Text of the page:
Spenser Heaps, Deseret News
A photograph of ChenWei Guo is displayed at the University of Utah Student Union in Salt Lake City on Tuesday, Oct. 31, 2017. Guo was shot and killed near the campus Monday night.

The shooting death of a student at the University of Utah has left a veil of grief over the campus after a tense and anxious night in which students sought shelter while police swarmed in search of the gunman. The tragic loss of 23-year-old ChenWei Guo will reverberate in the coming days as authorities try to make sense of a pointless and callous crime. The nature of the swift and effective measures taken by campus officials and law enforcement agencies to secure the safety of students and employees and apprehend the alleged perpetrator is positive.

Within moments of the report of a shooting, the campus went into lockdown. Students and personnel were alerted by text message to take shelter. Police from at least eight agencies responded to make sure there was sufficient force to prevent the gunman from finding more victims.

The young man who was gunned down was a well-liked computer science student from China who was to celebrate his 24th birthday this Sunday. There is no measurable depth to the grief afflicting his family and friends or the sadness cast across the wider community for his untimely loss. There is some relief that the suspected shooter was caught within a day and will be brought to justice, but the young undergraduate student who made many friends, excelled at his studies and volunteered for his church as a Latter-day Saint missionary in Provo will be deeply mourned.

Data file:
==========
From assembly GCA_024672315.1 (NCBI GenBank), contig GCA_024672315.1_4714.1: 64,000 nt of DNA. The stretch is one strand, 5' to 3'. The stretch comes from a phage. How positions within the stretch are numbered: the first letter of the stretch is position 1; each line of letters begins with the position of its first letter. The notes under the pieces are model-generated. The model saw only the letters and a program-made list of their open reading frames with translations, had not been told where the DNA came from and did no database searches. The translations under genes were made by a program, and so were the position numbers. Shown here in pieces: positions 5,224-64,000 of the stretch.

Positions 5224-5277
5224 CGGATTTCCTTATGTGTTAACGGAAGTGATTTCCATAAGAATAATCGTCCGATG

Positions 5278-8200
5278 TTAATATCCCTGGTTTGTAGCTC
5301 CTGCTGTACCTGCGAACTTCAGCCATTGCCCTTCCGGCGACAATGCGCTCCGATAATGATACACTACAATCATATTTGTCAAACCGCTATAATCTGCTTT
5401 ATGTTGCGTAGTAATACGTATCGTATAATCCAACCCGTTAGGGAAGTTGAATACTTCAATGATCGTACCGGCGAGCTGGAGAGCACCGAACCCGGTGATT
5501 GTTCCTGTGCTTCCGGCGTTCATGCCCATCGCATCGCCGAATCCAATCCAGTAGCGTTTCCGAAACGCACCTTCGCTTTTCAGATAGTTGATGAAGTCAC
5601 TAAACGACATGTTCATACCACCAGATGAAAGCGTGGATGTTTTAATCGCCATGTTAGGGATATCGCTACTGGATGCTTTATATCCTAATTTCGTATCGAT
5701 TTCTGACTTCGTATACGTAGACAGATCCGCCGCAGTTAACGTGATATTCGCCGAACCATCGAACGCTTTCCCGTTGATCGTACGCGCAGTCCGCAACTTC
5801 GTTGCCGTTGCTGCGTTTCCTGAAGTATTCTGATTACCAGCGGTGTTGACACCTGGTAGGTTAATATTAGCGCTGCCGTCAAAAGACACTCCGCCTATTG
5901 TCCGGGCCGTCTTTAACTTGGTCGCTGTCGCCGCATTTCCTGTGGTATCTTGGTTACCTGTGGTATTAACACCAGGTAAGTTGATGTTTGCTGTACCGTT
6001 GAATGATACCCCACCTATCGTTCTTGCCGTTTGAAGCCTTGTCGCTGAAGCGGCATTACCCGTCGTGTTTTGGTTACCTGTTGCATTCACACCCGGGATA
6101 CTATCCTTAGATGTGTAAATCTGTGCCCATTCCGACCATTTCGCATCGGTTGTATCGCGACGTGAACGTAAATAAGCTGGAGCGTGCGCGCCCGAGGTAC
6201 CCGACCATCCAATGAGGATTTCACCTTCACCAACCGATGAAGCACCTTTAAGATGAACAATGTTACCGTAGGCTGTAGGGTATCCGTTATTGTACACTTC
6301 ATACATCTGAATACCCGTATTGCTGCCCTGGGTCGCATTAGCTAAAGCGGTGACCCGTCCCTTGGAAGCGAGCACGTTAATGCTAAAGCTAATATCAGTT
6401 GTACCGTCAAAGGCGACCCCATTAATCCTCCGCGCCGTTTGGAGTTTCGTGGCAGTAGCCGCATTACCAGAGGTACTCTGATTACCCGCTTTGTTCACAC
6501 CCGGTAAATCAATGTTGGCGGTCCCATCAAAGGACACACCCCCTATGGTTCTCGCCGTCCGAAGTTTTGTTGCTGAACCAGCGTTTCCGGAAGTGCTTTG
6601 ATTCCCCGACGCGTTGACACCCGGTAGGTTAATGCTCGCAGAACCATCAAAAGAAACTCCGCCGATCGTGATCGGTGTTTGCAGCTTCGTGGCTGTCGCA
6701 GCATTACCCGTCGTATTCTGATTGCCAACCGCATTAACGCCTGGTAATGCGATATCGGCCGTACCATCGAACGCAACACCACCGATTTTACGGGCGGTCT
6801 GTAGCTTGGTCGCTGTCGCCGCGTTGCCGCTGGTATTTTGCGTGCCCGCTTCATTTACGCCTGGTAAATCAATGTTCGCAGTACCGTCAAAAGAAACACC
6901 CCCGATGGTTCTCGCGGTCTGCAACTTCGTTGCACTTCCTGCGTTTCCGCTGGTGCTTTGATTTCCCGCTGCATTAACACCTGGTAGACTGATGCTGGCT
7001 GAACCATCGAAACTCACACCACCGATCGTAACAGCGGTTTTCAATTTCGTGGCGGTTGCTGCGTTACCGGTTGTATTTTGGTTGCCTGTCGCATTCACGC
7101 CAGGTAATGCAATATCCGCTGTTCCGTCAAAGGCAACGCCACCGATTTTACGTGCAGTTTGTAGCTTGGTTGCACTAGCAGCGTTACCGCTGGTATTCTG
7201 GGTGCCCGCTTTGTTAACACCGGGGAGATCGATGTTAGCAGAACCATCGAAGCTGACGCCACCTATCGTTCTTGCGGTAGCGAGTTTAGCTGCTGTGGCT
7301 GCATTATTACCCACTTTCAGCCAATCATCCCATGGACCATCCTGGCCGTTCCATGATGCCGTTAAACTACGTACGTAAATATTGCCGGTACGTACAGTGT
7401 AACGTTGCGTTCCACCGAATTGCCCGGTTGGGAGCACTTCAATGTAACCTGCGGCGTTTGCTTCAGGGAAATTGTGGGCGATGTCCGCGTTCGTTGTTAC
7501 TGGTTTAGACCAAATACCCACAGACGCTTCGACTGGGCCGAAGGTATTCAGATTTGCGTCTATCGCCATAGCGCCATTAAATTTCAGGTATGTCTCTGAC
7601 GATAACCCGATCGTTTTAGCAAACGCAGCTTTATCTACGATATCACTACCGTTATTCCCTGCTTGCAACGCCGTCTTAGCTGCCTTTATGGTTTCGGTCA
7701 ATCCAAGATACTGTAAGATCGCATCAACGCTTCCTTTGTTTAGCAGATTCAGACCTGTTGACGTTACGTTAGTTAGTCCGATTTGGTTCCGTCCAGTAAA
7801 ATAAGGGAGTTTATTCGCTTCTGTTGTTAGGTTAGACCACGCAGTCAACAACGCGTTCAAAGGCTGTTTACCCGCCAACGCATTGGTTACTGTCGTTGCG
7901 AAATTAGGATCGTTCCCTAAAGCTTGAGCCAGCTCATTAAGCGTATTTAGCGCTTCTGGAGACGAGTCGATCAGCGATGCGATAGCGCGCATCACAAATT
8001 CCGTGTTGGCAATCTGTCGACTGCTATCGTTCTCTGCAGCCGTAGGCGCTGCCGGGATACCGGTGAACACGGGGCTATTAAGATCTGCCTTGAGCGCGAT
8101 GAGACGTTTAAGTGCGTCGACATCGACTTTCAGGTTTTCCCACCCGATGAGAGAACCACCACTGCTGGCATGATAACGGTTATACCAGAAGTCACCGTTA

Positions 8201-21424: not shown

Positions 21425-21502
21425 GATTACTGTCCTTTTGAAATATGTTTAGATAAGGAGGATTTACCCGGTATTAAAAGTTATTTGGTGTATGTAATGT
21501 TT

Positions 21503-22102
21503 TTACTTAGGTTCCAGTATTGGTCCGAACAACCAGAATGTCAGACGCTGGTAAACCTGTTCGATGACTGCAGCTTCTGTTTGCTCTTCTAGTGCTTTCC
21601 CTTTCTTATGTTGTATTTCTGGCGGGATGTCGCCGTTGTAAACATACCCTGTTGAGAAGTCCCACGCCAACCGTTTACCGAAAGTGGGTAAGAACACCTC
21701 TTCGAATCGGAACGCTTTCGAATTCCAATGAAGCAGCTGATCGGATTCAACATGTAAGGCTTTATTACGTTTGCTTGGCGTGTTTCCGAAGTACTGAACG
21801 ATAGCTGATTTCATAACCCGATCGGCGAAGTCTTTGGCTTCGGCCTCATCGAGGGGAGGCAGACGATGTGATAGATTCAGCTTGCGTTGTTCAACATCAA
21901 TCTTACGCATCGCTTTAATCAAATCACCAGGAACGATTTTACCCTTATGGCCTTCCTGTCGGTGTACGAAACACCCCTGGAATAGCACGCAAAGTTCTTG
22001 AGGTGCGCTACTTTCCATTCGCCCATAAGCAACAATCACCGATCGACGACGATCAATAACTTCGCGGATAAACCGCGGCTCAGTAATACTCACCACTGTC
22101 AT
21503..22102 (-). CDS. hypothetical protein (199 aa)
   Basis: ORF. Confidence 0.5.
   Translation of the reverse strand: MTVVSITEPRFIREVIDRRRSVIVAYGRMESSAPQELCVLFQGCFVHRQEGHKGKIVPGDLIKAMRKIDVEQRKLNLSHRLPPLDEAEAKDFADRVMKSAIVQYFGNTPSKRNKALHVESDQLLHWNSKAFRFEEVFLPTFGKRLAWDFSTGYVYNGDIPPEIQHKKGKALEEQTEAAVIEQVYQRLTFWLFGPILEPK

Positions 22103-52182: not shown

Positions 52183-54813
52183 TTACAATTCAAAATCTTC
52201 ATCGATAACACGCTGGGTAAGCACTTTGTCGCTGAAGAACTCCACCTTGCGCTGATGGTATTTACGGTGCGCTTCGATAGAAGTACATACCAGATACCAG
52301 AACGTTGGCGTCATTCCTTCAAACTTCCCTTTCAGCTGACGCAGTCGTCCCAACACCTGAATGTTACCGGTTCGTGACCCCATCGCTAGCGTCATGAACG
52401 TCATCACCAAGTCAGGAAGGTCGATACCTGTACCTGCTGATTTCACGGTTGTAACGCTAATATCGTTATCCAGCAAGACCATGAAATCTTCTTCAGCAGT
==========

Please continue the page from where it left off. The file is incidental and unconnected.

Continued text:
Campuses in Utah have experienced limited incidents of violence over recent years, but there are statistical reasons all campuses need to be on the alert for assaults involving firearms. A study last year found that between 2001 and 2015, the number of shootings on college campuses increased by 153 percent. In that time, there were 190 incidents on 142 campuses that involved at least one person being shot. In the majority of cases, the shooters were somehow affiliated with the college. Here, the suspected shooter was on the run from other alleged crimes, hiding in a canyon that happened to be in close proximity to a campus where he could pick out a victim for what police believe was an attempted carjacking.

Like all campuses, the University of Utah has taken significant measures to ensure the safety of its students and workers in the event of a shooting. The incident this week demonstrates that work. In addition, there was an immediate and formidable response by police agencies from throughout the Salt Lake Valley. University President David Pershing expressed due gratitude to those agencies in a letter delivered campuswide the morning after the shooting.

It is a sad reality of modern life that such measures have to be in place in defense of armed predators, but it is at least comforting to know that authorities here are poised to muster such a quick and effectual response. That comfort, though, cannot diminish the pain of loss for the life of a young man with a bright smile and an equally bright future who came to our community to study, to serve and to find his path to success.